Published Online: December 1, 2015
Published in Print: December 2, 2015, as Professional-Development Essay States Problem, Misses Solutions


Professional-Development Essay States Problem, Misses Solutions

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To the Editor:

The Oct. 21 Commentary by Mike Schmoker, "Transforming Professional Development Beyond 'The Mirage,'" relies heavily on a report released by the teacher-training and advocacy group TNTP. The report, "The Mirage," claims to be an empirical study, but it does not include the technical details that would enable readers to know how many people were surveyed in each of the four unnamed districts the authors analyze, the response rates within each district, and so on.

In addition, I would argue that the report's conclusions are horribly misleading.

For example, although the loose wording and imprecise nature of the technical details make it difficult to see how the report's authors came to their conclusions, three of their stated findings seem to be hyperbolic in the extreme.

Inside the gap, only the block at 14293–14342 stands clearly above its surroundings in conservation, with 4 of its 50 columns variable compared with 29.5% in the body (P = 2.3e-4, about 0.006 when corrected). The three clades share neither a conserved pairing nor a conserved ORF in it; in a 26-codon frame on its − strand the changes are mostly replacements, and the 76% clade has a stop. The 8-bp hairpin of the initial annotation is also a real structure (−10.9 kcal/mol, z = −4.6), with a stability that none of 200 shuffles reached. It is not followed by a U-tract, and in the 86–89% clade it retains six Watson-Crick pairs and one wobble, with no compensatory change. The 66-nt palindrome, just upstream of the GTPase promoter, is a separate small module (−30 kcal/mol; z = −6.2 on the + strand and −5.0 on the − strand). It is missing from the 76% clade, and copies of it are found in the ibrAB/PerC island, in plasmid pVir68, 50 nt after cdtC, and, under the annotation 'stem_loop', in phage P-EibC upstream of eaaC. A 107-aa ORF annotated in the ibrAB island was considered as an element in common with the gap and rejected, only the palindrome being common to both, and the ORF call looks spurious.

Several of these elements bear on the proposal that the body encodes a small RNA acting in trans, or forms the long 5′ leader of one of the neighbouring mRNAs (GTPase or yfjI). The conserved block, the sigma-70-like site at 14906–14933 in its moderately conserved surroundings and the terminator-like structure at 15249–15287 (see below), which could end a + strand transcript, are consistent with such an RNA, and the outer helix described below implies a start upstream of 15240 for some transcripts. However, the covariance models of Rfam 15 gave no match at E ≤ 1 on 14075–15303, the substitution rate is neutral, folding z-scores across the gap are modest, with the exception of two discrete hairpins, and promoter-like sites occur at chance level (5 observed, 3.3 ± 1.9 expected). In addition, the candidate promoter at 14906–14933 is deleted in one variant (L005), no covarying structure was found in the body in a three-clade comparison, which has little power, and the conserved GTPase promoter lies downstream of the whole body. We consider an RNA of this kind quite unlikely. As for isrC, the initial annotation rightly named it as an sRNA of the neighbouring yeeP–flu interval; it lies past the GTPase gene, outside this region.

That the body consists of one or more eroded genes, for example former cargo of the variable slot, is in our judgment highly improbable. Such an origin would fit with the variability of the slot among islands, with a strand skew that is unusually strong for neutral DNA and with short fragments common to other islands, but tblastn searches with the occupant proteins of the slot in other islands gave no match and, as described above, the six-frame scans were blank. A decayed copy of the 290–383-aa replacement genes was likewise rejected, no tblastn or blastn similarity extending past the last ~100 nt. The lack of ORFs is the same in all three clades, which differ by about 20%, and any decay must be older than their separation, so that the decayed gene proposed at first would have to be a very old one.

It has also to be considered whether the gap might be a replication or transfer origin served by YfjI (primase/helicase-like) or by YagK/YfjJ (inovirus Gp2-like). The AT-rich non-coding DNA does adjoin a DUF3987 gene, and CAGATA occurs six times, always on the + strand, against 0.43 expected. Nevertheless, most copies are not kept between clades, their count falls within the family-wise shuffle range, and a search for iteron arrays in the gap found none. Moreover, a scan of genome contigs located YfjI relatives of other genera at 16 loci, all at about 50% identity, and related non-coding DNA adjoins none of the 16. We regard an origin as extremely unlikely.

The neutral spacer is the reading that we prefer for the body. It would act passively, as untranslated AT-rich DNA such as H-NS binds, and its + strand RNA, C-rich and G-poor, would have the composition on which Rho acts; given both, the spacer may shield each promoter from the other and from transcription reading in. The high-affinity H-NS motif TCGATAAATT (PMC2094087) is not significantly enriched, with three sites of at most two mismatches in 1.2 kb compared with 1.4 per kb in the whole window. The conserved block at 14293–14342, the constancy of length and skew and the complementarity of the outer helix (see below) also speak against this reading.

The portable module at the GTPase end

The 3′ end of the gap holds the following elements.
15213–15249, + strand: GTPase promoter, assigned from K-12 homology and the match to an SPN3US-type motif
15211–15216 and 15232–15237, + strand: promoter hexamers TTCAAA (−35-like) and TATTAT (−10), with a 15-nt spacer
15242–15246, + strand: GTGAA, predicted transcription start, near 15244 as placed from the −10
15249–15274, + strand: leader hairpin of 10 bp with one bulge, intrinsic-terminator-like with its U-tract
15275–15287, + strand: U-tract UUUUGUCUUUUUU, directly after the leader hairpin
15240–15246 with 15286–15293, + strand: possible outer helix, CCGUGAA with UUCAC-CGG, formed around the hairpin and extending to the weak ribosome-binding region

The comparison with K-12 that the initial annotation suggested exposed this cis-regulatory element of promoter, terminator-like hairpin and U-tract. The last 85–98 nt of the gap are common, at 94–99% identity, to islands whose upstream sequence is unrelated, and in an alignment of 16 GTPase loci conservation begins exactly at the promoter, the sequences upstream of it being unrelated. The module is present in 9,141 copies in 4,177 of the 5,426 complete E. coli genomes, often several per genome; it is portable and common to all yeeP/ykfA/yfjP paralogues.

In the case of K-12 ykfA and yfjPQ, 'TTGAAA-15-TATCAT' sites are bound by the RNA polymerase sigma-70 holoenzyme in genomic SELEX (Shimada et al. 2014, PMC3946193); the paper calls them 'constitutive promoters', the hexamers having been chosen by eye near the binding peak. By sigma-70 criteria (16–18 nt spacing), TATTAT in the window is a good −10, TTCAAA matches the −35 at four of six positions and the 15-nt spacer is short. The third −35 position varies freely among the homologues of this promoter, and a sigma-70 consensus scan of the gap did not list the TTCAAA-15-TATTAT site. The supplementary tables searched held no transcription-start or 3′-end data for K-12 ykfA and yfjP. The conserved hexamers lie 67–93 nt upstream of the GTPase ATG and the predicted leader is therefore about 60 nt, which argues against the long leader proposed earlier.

First, they state that the average teacher spends approximately 150 hours—the equivalent of 19 full days—in professional-development activities each year, or nearly 10 percent of a contract year. Second, the authors note that the districts studied spent nearly $18,000 per teacher per year. In my experience, and in the experience of the superintendents I have spoken to about this report, those numbers are way out of line with existing practices.

Third, the authors report that the total professional-development cost for a school district of 10,000 teachers is about $90 million, exclusive of teachers' salaries, whereas a comparably sized government/military unit spends some $2 million. Actually, the personnel of military units, when not involved in combat, spend nearly all their time in training or the active practice of their skills, the costs involved in their doing so being their salaries, housing and meals, and equipment.

I agree with Schmoker's title for his Commentary—we do need to move beyond this report. But he deals only with suggested processes, without concrete ideas for content and professional development.

We need a real dialogue about both the preservice education of teachers and their continuing education.

Bruce Joyce
Booksend Laboratories
Saint Simons Island, Ga.

Vol. 35, Issue 13, Page 22

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